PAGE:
In a move viewed as Bill de Blasio’s swan song as New York City mayor, the New York City Council has overwhelmingly approved his administration’s highly contentious SoHo/NoHo Neighborhood Plan. In addition to establishing a major neighborhood arts and culture fund, the historic rezoning will allow for up to 3,500 new housing units—including roughly 900 permanently affordable ones via the city’s Mandatory Inclusionary Housing (MIH) program—across a sizable swath of Lower Manhattan subject to 1970s-era zoning rules that haven’t been substantially altered in over five decades.
December 15’s 43–5 vote by council members comes less than a month after Brooklyn’s similarly controversial Gowanus Neighborhood Plan was approved in a near-unanimous council vote. That 82-block rezoning will allow for 8,500 new housing units to be generated in a (once) largely industrial area flanking what is arguably the most beloved toxic waterway in America, the Gowanus Canal.
The five council members to vote against the SoHo/NoHo rezoning were Inez Barron, Robert Holden, Ben Kallos, Carlos Menchaca, and Kalman Yeger. Menchaca, who represents Brooklyn’s District 38, was also the lone dissenter in the 47–1 vote Gowanus rezoning vote. The SoHo/NoHo Neighborhood Plan was brokered by council members Margaret Chin (District 1) and Carlina Rivera (District 2).
“This rezoning victory sends a powerful message that every community can and should join the fight to help solve our affordable housing crisis and make this city accessible for working families,” said de Blasio in a statement. “SoHo and NoHo are two of the most iconic neighborhoods in the country for a reason – and now, we are one step closer to them finally reflecting all the diversity that makes our city great.”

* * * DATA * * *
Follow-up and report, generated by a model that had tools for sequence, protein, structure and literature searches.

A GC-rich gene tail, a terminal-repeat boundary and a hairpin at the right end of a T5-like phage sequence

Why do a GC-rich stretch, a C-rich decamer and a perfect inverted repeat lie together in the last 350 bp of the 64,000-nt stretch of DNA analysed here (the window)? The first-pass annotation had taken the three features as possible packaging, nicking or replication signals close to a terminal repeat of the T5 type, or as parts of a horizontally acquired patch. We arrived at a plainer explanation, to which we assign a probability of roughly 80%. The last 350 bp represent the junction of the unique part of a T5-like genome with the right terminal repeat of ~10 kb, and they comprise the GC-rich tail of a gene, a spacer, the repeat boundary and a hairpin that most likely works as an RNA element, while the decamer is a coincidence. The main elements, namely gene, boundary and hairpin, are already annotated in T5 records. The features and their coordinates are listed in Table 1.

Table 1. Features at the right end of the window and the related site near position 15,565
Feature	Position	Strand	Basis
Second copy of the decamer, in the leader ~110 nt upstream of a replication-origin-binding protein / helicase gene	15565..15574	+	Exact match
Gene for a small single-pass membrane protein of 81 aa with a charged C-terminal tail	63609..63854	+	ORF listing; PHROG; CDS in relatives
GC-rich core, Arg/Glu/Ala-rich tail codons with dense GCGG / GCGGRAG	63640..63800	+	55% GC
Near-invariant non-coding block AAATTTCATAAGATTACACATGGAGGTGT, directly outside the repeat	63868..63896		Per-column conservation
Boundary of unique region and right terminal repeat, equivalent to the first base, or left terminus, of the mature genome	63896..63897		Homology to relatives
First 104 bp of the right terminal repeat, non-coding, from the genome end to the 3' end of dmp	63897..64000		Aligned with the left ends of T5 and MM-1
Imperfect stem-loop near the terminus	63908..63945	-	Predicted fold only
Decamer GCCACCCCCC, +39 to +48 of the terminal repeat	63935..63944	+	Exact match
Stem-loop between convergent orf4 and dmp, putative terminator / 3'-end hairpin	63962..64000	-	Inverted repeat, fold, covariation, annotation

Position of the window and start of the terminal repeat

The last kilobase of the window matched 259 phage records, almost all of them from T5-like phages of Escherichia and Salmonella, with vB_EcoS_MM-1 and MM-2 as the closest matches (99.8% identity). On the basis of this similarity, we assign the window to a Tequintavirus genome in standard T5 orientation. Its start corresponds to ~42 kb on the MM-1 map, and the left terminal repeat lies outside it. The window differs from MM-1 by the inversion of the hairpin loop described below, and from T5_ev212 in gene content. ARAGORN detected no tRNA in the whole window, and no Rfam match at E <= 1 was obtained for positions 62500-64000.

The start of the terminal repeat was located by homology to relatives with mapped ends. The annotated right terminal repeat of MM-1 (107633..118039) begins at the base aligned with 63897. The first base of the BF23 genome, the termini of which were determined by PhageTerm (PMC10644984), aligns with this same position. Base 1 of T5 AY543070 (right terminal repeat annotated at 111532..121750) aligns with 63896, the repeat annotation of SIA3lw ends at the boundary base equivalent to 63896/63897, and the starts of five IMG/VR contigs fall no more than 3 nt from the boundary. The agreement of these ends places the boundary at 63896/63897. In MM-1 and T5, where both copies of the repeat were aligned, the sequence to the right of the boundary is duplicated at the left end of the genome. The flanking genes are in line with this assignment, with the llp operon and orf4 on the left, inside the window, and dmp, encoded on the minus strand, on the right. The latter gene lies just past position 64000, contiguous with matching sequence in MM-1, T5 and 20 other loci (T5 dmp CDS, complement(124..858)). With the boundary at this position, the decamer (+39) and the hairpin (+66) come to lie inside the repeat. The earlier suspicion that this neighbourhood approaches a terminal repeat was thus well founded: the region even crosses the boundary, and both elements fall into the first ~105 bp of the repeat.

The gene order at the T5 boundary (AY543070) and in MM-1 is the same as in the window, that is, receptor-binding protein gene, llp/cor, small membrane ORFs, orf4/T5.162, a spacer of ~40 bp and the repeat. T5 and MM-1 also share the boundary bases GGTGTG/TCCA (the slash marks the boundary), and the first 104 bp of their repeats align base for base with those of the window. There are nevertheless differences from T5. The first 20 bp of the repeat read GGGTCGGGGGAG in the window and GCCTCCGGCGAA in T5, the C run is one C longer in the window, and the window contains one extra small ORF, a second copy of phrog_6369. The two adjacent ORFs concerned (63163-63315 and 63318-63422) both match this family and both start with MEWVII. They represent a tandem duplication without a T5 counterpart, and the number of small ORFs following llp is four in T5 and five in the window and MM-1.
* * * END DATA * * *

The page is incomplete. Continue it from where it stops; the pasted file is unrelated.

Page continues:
The boundaries of the 56-block rezoning area are Canal Street to the south, Houston Street and Astor Place to the north, Lafayette Street and the Bowery to the east, and Sixth Avenue and West Broadway to the west.
As detailed by the Mayor’s Office, the revised plan will permit housing and require affordable housing in all new developments on vacant and underutilized land within the impacted area (a largely affluent and predominately white one) while also allowing for the conversion of housing in historically non-residential buildings (with an MIH requirement.) Existing rent-regulated residential units, including those protected by the Loft Law, will remain protected under State tenant protections and supported by a wide range of City resources, per the city.
In addition to the relaxed zoning rules, the approved plan includes the aforementioned SoHo/NoHo Arts Fund, which entails a “future stream of investments” geared to support artists and keep the area’s creative legacy alive; a range of resources that aim to support existing residents; the creation of tools to help preserve the loft-heavy area’s historic character, including height limits and a total ban on towers; retail-focused regulations and investments that aim to bring new life to SoHo and NoHo’s abundance of vacant storefronts and support small businesses and artistic endeavors, and a bevy of investments in neighborhood infrastructure and amenities including a number of public realm and park enhancements. What’s more, the city announced that it will “prioritize the development” of a pair of affordable housing projects at city-owned sites located just outside the rezoning area at 388 Hudson Street and 324 East 5th Street.